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Corn-Bean Mix Is A ‘Moving Target’

April 7, 2014
By: Nate Birt, Top Producer Deputy Managing Editor google + 
soybean field
  

Although USDA’s recent Prospective Plantings report indicated a shift to soybeans across much of the central U.S., producers are very nimble when it comes to changing based on weather and economic conditions, experts tell the U.S. Farm Report Market Roundtable.

"This is kind of a moving target," notes Chris Barron, Carson & Barron Farms, Inc. of Iowa. "We’re all going to have to stay tuned in the next four weeks, and I think it’s going to be interesting because there are a lot of producers who I think are planning on going with the existing plan.

"However, if we warm up say in the next two weeks, it’s pretty easy for farmers to throw in another 10% of corn, they can plant another 10% in a day. We proved last year that we can plant a crop if we’re pushed against the wall. We can put this crop in in five to seven days if we need to. So I think until we get a little further along, it’s going to be real difficult to tell, but I think a lot of it has to do with the economics and the timing."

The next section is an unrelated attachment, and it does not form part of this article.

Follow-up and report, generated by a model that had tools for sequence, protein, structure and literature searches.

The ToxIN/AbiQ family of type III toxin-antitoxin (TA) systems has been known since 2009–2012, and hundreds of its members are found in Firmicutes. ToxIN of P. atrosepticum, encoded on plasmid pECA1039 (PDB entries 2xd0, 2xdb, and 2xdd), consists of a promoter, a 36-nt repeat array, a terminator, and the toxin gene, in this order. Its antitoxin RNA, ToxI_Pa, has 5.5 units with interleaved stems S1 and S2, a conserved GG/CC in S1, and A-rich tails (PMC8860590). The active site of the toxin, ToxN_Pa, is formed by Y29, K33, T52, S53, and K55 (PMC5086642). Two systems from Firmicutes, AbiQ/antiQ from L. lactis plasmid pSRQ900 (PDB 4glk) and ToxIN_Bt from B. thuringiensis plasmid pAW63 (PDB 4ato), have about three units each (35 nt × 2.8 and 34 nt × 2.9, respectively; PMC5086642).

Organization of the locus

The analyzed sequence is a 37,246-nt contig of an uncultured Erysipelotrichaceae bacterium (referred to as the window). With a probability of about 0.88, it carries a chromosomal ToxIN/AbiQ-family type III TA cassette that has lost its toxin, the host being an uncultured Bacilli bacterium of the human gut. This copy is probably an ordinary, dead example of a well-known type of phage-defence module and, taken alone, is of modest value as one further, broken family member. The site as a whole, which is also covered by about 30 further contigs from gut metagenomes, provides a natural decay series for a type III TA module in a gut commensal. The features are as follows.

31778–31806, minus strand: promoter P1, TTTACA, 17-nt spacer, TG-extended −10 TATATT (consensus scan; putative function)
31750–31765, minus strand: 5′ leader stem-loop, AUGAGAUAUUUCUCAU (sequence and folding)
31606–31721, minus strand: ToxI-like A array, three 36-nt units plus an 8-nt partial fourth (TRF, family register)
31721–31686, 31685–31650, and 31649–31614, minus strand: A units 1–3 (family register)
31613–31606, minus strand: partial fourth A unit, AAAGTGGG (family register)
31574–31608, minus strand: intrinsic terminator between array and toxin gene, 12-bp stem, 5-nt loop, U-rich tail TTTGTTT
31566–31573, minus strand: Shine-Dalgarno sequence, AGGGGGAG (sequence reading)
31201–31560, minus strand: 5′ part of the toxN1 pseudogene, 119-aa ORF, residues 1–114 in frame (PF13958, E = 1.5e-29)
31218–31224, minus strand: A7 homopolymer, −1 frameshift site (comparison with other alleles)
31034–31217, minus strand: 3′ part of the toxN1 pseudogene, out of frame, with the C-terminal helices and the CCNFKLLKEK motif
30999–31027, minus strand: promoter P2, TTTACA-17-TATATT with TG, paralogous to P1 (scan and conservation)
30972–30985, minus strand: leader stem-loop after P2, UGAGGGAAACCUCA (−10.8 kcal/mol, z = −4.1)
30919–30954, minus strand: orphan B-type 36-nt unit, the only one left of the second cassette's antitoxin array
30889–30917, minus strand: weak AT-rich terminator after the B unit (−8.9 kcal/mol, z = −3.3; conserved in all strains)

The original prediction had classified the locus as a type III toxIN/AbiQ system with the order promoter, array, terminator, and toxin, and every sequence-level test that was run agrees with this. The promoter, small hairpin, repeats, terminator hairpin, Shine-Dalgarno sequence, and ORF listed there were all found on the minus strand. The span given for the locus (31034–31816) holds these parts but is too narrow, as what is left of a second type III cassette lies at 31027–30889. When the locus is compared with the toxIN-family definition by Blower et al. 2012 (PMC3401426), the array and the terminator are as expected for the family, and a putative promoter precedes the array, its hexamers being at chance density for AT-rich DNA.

In reality, debating about whether farmers will plant more corn or beans is silly, adds Tommy Grisafi of Advance Trading. It’s possible that overall acreage will be higher than reported in March, given that acreage has been higher in USDA’s June report in 11 of the past 14 years.

"We are now 15 cents higher in corn than where we were a week ago," Grisafi says. "We’re 15 cents higher in November 2014 beans. So for the American farmer, that’s a good thing. It wasn’t a dramatic report, but it was good that the prices are going up. We all know, sitting here today, that about 98% of all the corn and soybean seeds are sitting in a shed."

Grisafi thinks the acreage report felt a little light, pointing out uncertainty over what will happen to the many prevent plant acres left untouched in 2013.

"Are they not going to be replanted?" he says. "Some people say they’re hiding in hay, and it gets a little complicated."

The real story in soybeans right now is the new crop, Barron concludes.

"Last year, we had basically nothing marketed," he explains. "This year, guys are actually starting to make some sales on the new-crop side of things. If the opportunity is there, and it looks like a lot of these acres are going to shift over to beans, I think we need to be real cognizant of what could happen to the market if the bean acres get planted."

Click the play button below to watch the complete U.S. Farm Report Market Roundtable. The discussion begins at the 7:20 mark:


Click here for more news and video from Top Producer’s Power Hour.
 

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